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Rxjs

Basic Usage of Rxjs Operators

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With operators, we can do more with Rxjs observables. They’re useful for doing complex operations with asynchronous code.

Operators are functions. There’re 2 types of operators:

  • Pipeable operators — they can be piped to Observables using the pipe method available in Observables. They return a new Observable, so multiple pipeable operators can be chained together
  • Creation operators — these are standalone functions to create a new Observable. For example, of(1,2,3) will emit 1, 2, and 3.

Using Operators

We can import operators from Rxjs to use to manipulate our observable results.

For example, we can map values from Observables to another using the map function:

import { of } from "rxjs";
import { map } from "rxjs/operators";

map(x => x * 2)(of(1, 2, 3)).subscribe(val => console.log(val));

We created an Observable that emits 1, 2 and 3 with the of function and then called map with a callback to let us map the values, which returns a function where we can pass in the Observable that we created and returns a new Observable.

map(x => x * 2)(of(1, 2, 3))

returns a new Observable that we can subscribe to. Then we get the values 2, 4, and 6 in the subscribe ‘s callback function.

Piping

We can use the Observable’s pipe method to compose multiple operations into one.

It takes multiple operations as arguments, which is much cleaner than nesting them.

For example, we can use it to rewrite the example we had above:

import { of, pipe } from "rxjs";
import { map } from "rxjs/operators";

of(1, 2, 3)
  .pipe(map(x => x * 2))
  .subscribe(val => console.log(val));

We get the same result, but it’s much cleaner.

Also, we can pass in more than one operation to the pipe method:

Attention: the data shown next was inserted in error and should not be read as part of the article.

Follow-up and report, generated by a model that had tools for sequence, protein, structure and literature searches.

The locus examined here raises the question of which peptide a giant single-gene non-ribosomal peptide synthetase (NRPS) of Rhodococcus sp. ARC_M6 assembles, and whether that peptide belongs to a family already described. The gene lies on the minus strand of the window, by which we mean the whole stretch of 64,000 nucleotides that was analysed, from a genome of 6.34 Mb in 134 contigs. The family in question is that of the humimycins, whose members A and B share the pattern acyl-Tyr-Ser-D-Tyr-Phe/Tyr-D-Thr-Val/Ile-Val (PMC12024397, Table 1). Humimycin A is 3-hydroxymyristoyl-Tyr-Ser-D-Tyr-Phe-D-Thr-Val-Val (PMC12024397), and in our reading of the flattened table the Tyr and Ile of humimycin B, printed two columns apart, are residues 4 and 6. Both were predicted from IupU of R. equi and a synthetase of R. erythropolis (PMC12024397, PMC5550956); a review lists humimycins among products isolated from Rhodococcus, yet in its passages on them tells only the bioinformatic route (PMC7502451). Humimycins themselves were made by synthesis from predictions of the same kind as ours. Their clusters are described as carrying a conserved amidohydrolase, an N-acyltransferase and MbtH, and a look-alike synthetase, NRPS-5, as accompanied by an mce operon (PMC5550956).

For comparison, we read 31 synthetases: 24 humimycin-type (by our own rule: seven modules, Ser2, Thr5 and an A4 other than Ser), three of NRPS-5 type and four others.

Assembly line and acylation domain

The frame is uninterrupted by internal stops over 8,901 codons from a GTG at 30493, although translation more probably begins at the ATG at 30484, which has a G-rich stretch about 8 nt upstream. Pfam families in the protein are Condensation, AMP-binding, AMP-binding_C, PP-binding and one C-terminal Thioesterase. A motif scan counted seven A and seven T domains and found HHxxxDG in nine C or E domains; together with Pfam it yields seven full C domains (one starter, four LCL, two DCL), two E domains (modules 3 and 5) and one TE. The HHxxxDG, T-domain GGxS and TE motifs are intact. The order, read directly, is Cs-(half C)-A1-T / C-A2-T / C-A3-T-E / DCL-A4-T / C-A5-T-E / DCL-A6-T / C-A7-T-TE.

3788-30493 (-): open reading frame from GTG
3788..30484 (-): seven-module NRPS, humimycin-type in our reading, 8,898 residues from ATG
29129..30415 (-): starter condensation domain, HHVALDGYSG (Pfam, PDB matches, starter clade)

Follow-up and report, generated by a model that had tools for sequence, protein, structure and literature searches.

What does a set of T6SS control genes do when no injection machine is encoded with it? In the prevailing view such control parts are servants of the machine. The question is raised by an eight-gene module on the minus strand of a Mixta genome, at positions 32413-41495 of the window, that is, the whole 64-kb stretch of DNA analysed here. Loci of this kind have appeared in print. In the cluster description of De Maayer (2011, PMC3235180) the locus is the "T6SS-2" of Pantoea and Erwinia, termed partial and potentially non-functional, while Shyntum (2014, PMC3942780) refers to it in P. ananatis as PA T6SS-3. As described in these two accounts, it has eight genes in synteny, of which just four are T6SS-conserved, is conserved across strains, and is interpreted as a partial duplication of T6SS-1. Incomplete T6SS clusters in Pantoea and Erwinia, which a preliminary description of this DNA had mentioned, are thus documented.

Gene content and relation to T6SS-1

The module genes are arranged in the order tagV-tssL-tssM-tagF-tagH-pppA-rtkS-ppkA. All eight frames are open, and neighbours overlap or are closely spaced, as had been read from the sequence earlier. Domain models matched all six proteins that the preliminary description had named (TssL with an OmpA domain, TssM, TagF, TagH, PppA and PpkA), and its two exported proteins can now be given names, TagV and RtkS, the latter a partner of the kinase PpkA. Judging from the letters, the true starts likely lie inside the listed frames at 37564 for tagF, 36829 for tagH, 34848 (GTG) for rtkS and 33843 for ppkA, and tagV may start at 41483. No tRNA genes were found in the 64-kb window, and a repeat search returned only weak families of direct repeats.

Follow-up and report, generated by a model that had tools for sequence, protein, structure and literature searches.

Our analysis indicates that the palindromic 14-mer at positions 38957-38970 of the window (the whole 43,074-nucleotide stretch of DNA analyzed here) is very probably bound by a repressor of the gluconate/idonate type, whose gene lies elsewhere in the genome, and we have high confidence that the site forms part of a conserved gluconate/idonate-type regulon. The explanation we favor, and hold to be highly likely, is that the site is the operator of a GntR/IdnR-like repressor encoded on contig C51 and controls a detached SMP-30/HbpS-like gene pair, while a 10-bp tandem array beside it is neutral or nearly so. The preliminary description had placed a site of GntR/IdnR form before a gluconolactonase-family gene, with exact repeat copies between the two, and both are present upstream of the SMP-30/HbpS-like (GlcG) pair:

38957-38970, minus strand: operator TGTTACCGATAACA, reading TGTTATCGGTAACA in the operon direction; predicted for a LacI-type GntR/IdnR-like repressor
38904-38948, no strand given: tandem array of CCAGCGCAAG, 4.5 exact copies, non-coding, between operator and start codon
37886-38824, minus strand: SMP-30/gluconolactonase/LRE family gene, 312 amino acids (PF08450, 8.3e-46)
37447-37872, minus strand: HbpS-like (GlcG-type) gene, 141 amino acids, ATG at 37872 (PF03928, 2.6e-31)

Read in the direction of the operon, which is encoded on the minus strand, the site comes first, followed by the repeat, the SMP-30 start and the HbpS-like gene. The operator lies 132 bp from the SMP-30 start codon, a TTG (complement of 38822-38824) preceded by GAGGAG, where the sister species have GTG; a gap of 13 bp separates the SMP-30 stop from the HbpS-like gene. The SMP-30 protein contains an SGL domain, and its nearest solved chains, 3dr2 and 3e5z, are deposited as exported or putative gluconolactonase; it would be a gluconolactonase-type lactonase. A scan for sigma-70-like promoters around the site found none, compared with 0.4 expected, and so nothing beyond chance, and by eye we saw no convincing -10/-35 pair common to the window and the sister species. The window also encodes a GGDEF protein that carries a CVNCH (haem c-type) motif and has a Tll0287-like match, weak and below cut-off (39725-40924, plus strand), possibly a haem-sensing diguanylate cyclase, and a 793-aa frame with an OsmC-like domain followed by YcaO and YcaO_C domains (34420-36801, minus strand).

of(1, 2, 3)
  .pipe(
    map(x => x * 2),
    map(x => x * 3)
  )
  .subscribe(val => console.log(val));

Then we first multiply each value emitted by the Observable by 2, then we multiply the returned value again by 3. As a result, we get back 6, 12, and 18 in the console.log .

Creation Operators

Creation operators are functions to create an Observable from scratch or by joining other Observables together.

For example, we have the interval function to emit a value from 0 and up in the interval that we specify:

import { interval } from "rxjs";

interval(5000).subscribe(val => console.log(val));

The code above will output an integer from 0 and up every 5 seconds.

Higher-Order Observables

Higher-Order Observables are Observables of Observables. There’re a few things that we can do with different observables.

Rxjs has the concatAll() operator that subscribes to each inner observable and copies all the emitted values until the outer observable completes.

For example, we can use it as follows:

import { of, pipe } from "rxjs";
import { concatAll, map } from "rxjs/operators";

of(1, 2, 3)
  .pipe(
    map(outerVal => {
      console.log(`outerVal ${outerVal}`);
      return of(4, 5, 6);
    }),
    concatAll()
  )
  .subscribe(innerVal => console.log(`innerVal ${innerVal}`));

We should get the output:

outerVal 1
innerVal 4
innerVal 5
innerVal 6
outerVal 2
innerVal 4
innerVal 5
innerVal 6
outerVal 3
innerVal 4
innerVal 5
innerVal 6

As we can see, we get the first value from the of(1,2,3) Observable first, and then all the values from the second. Then we get the second value from of(1,2,3) and then all the values from the second and so on.

Other operator functions include:

  • mergeAll() — subscribes to each inner Observable as it arrives, and emits each value as it arrives.
  • switchAll() — subscribes to the first inner Observable when it arrives, then emits each value as it arrives. It unsubscribes to the previous one then subscribes to the new one.
  • exhaust() — subscribes to the first inner Observable when it arrives, then emits each value as it arrives, discarding all newly arriving Observables as it completes and waits for the next inner Observable.

They all give the same result as concatAll() but the difference is underneath.

We can create new Observables by composing multiple Observables or operators.

For example:

of(1, 2, 3)
  .pipe(
    map(x => x * 2),
    map(x => x * 3)
  )

is an Observable that multiplies each value from Observableof(1, 2, 3) by 6.

With Rxjs, there’re are built-in operators that we can use to create and manipulate Observable values. Also, we can create new Observables and combine them together in different ways.

Observables can also be nested, and the values of all the nested Observables can be obtained by using concatAll() , mergeAll() , switchAll() or exhaust() .

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